Pillar 1 will usher in a reallocation of taxing rights to countries reflect an increasingly digitised global economy. According to new Pillar 1 provisions, some businesses will no longer just pay tax where they have a 'bricks and mortar' physical presence. They will also need to register and pay tax where they create value, including e-commerce sales initiated outside the jurisdiction.
There is a high threshold of qualification for businesses to qualify for Pillar 1 taxation – a €20 billion global turnover and pre-tax profit margin of more than 10% of revenue. There are also sector exclusions for regulated financial services and extractive industries. In practice, this means that the new rules will only apply to around 100 corporate giants worldwide, though there is scope to review and reduce the qualifying threshold in coming years.
In a widely welcome move, the agreement would put an end to the patchwork of unilateral digital taxes that have sprung up in recent years. Signatory nations have agreed not to impose any new digital taxes in their jurisdictions and withdraw existing ones once the new rules go into effect worldwide.
Fair share of tax
In another major step, the signatories also agreed to impose a minimum 15% corporate tax to apply across all their countries -- OECD Pillar 2. The 15% minimum tax seeks to end the 'race to the bottom' on tax rates worldwide where countries are competitively cutting corporate taxes to attract businesses and consequently forcing all countries to cut taxes to compete. In a further clampdown on aggressive tax planning, Pillar 2 would also make it much harder to minimise taxes by recording profits in low-tax jurisdictions while recording the costs in high-tax counterparts.
Crucially, the threshold for qualifying for the Pillar 2 minimum tax floor is much lower than Pillar 1 – a €750 million global turnover.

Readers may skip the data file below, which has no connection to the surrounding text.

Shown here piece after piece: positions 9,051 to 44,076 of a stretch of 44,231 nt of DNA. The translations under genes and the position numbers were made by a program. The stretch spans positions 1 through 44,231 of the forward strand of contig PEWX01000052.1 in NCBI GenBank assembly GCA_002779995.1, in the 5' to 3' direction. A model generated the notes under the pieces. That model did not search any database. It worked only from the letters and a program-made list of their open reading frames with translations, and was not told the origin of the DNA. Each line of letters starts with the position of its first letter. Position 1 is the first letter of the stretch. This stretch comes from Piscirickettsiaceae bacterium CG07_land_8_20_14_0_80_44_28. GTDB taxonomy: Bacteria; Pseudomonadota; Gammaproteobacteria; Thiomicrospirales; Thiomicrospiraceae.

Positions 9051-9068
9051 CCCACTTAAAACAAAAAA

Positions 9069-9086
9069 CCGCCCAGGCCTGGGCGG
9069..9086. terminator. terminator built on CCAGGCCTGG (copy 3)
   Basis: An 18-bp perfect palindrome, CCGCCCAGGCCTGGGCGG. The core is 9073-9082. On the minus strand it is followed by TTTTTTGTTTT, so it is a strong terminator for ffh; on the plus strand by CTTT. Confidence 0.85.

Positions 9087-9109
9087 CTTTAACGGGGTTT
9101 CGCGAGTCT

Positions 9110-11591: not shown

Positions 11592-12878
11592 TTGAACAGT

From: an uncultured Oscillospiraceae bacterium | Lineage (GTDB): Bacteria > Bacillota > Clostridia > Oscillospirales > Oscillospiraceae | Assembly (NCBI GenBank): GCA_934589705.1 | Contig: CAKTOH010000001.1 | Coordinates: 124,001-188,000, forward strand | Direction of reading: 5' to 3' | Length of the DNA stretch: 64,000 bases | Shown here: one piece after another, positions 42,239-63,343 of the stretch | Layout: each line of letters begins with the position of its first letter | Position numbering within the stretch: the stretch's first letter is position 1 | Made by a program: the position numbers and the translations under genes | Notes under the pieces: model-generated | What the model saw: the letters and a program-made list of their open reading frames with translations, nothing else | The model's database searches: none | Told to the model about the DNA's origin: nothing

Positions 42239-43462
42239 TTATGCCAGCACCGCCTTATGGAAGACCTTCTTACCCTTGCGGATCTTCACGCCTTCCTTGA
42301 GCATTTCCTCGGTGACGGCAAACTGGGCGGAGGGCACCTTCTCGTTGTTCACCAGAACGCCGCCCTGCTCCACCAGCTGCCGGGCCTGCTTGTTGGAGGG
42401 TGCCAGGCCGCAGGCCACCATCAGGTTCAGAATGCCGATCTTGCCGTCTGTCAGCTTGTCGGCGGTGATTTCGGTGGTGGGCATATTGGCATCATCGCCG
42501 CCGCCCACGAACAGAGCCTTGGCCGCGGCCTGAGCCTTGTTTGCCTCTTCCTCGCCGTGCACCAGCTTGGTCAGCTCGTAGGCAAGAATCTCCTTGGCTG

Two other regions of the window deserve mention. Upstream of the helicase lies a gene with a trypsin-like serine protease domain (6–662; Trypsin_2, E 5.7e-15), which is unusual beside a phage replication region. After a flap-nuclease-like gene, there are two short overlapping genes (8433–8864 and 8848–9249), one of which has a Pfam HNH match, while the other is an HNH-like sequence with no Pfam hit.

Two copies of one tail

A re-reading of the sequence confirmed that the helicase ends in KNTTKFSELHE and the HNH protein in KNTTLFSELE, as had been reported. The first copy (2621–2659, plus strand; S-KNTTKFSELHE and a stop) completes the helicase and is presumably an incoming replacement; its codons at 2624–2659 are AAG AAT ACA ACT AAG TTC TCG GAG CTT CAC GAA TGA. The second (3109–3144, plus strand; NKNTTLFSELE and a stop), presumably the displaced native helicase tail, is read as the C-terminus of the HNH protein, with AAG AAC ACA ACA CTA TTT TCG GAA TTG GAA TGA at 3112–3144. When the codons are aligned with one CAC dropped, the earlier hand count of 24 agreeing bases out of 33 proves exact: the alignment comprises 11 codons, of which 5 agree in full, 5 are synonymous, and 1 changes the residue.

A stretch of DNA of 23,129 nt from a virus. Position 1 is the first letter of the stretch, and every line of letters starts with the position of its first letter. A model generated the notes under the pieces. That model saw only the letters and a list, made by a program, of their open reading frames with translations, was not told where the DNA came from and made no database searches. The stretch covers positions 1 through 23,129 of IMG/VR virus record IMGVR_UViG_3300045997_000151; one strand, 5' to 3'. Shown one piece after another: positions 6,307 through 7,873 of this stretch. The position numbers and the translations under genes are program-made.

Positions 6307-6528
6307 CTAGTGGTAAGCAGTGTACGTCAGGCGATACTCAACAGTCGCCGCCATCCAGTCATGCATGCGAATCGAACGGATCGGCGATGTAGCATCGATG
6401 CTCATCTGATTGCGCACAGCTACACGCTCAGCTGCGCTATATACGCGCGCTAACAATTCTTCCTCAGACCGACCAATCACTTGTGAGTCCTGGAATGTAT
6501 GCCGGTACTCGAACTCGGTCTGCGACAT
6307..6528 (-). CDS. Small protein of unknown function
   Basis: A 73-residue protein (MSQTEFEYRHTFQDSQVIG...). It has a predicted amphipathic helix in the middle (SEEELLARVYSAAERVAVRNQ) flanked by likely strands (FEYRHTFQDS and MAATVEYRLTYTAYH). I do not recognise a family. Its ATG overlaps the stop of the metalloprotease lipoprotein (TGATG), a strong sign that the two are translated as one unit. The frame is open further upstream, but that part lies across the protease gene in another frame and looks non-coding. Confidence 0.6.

The agreement is a landmark in both how many economies have signed up and how quickly it has been finalised. The signatories include all the G20 economies, along with the majority of other OECD members.
Reflecting the political pressures driving these changes, the signatory countries have pledged to pass the rules into national legislation in 2022 and bring them into force in 2023.
Depending on the size of the business and the nature of its international operations, the need to bring taxation in line with the new laws will increase the number of permanent establishments and require a rethink of group structures and transfer pricing. In practice, this means aligning tax strategies and business models more closely.
Local legislative approval isn’t a given. In particular, without enactment in the U.S., the agreement could quickly unravel. The Biden administration played a strong role in driving the agreement over the line. But a two-thirds majority in the Senate would normally be needed to pass this kind of international treaty into law. Securing such support may be difficult. There is talk of using presidential executive authority to get around any hold-up in the Senate. For now, however, progress is by no means certain.
More generally, governments worldwide will be looking at whether the global agreement delivers what they believe is their rightful share of taxes. If it doesn’t, and consensus breaks down as a result, businesses could be left with the worst of all possible worlds. In particular, the situation could return to countries going it alone, with and all the discrepancy, complexity and instability this entails.